Whether you are hoping for a big harvest, a beautiful landscape, or a little stress relief, knowing the when and how of gardening will help you be a success. Use these timely garden tips to eliminate some of the guesswork. For more gardening tips, check out Melinda's gardening books.
As the summer heats up and the rains cease, it's important to set your watering routine. Apply about 1 inch of water a week to all plantings, including established trees. Apply water in early morning to reduce disease caused by wet foliage at night, leaf burn due to wet leaves midday, and moisture loss due to evaporation. Consider using a watering wand or drip irrigation system to water the soil without wetting the foliage. This puts the water where it is needed and helps reduce the risk of disease.
Holes in your hosta leaves? There is an eco-friendly solution to the problem - beer. Slugs are the most likely culprit. Set out shallow pans, sunk into the ground and fill with beer. The slugs are attracted to the fermenting yeast, crawl inside and drown. Or lay a half-filled bottle on its side. The slugs will crawl in the opening go for the beer and drown. Plus, you have a built in cover preventing the rain from washing away the beer bait. Tuck the containers under and between plants to keep your garden looking beautiful and tidy.
Gardening Tips for Flowers
Ground ivy, quackgrass and bindweed are perennial weeds that can quickly take over your garden. Hand pulling does not usually work on these deeply rooted plants. Cultivation just breaks the plants into smaller pieces that can start lots of new plants. Use Roundup, Finale or another total vegetation killer to control these pesky weeds. These products kill the tops and roots of the weeds and any growing plant they touch. Several applications may be needed to control bindweed as well as other tough and established weeds.
A gardener shared a nifty way of applying total vegetation killer to weeds without harming nearby plants. Simply attach sponges to the clasping ends of tongs. Dip the sponges in a total vegetation killer. Clasp the weed leaf between the sponges and pull. Label the tongs "for Herbicide Use only" and store in the garage or shed.
Keep planting as long as you have space, time and plants. Give July transplants extra attention during dry hot spells. Mulch new plantings to conserve moisture and keep soil temperatures cool. Label, map and record new plantings. This will make spring cleanup and weeding much easier.
Gardening Tips for Edibles
It seems that summer is always well on its way before I finish planting my garden. Fortunately, there is still plenty of time to plant vegetables. Fill empty spaces with short season crops like beans, carrots, chard, peas, beets and radishes. They have plenty of time in most areas for seeds to germinate, grow and produce before the first fall frost.
Pick summer squash, such as zucchini, when the fruits are 6 to 8 inches long, or 3 to 6 inches in diameter for the round scalloped types. Keep picking to keep the plants producing.
Continue picking leaf lettuce as the outer leaves reach 4 to 6 inches. Replant for a fall harvest.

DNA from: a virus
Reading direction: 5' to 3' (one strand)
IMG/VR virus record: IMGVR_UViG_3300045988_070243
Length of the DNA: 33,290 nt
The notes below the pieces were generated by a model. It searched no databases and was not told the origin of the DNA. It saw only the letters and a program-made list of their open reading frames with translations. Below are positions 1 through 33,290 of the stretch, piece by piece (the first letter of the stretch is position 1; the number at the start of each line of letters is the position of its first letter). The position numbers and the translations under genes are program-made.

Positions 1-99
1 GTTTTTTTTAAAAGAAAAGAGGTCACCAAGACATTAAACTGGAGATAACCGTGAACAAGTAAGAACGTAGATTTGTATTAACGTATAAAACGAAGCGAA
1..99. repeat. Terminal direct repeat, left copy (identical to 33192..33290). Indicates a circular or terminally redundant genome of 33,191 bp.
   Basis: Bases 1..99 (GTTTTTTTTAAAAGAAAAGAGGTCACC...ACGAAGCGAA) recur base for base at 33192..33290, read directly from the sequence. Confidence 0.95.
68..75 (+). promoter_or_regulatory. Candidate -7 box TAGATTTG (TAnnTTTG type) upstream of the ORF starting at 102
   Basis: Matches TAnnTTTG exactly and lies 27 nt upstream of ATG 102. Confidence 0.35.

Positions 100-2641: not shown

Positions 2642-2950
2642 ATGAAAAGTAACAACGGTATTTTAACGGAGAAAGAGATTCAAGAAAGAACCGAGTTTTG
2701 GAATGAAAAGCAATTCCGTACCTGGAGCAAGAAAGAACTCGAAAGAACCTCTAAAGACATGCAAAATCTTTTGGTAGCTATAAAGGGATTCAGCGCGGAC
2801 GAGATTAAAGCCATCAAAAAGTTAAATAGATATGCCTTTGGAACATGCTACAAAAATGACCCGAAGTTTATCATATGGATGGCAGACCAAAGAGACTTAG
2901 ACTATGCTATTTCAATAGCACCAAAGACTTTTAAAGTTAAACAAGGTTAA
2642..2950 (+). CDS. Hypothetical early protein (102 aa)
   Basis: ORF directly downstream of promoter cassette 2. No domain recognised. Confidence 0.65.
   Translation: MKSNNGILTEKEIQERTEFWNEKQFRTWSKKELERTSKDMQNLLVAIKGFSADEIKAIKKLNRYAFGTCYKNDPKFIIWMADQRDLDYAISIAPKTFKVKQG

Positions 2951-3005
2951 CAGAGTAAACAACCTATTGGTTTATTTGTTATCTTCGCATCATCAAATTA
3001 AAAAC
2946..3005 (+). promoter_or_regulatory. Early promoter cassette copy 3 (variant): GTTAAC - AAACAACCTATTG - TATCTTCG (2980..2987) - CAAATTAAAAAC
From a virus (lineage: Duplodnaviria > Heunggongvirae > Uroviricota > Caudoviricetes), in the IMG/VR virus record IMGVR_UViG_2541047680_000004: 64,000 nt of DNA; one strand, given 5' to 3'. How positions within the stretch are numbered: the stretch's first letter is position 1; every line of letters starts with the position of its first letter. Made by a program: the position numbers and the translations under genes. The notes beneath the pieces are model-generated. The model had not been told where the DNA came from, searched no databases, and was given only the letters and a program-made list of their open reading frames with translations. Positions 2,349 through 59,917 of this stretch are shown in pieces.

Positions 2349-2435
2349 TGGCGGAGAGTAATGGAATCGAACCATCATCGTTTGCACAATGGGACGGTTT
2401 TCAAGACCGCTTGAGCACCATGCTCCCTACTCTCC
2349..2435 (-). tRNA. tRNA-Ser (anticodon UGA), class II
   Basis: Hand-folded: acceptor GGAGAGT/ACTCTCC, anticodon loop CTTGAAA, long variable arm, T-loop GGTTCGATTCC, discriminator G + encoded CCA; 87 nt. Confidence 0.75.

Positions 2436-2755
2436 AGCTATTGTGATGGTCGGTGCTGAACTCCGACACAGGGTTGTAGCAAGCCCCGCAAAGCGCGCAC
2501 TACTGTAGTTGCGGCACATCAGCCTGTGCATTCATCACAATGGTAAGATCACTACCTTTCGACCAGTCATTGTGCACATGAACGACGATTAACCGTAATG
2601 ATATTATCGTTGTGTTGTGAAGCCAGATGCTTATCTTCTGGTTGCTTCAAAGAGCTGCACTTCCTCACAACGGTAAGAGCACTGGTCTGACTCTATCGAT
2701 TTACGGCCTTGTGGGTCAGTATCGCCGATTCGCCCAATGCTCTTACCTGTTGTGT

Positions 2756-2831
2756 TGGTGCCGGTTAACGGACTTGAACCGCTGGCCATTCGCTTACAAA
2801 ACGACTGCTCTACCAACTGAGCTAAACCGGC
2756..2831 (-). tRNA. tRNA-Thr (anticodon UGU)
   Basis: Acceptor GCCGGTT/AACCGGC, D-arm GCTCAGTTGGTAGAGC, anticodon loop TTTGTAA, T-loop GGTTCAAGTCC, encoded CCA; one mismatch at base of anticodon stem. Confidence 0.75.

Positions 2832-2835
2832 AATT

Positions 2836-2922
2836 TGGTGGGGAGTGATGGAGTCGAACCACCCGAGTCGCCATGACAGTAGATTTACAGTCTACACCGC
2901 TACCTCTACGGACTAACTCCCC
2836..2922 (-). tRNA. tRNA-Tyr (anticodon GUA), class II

Trees, Shrubs and Roses
Don't forget to water newly planted trees and shrubs throughout the season. Check the soil twice a week in sandy soils and every 5 to 10 in clay soils. Even established trees and shrubs benefit from a thorough watering during extended dry periods. You may need to prioritize plantings if your community imposes watering restrictions. New plantings and container gardens should receive the highest priority. Moisture-loving plants like birch, European mountain ash and hydrangeas should be next on the list. This will help you focus your efforts on the plants in greatest need.
Continue to deadhead roses. Remove only individual flowers in the cluster as they fade. Once all the flowers in the cluster have bloomed, prune back the flower stem to the first 5-leaflet leaf. Deadhead single-flowered roses back to the first 5-leaflet leaf. This encourages stouter and stronger branch development.
The middle of the growing season is usually peak pest time. The typical cool, wet weather of spring results in a variety of leaf spot, blight and fungal diseases. The hot weather of July and August helps insect populations quickly multiply. Monitor your plants for problems. Some plants seem to struggle every year no matter what you do. These may be good candidates for replacement. Make notes in your gardening journal on plants that should be replaced or the care provided to minimize future pest problems.
Lawns and Groundcovers
Continue pulling weeds in groundcover beds. The number of weeds begins to decrease as the groundcover becomes established and fills the planting bed. Spot treat quackgrass, bindweed and other difficult perennial weeds with a total vegetation killer such as Roundup or Finale. Cover weeds with a bottomed-out milk jug or wipe the weeds with the herbicide to avoid damage to your desirable plants.
Tips for Indoor Plants
Keep grooming and cleaning both indoor and outdoor plants. Indoor plants collect dust, pet dander and other airborne particles on their leaves. Cleaning removes it, allowing more light to reach the leaves. Outdoor plants may need an occasional cleaning from dust, splashing soil and such. Use a damp sponge or cloth to wipe off glossy leaves. A soft cosmetic brush works well for removing debris from hairy-leafed plants.
The heat of midsummer often means houseplants, indoors and out, need a break from the heat. Make sure plants are well watered. Outdoor containers may need to be watered twice a day, or move them into a partially shaded area until the extreme heat has subsided. Indoor plants may need to be moved away from hot locations as well. Adjust watering to adapt to the changes in the environment.
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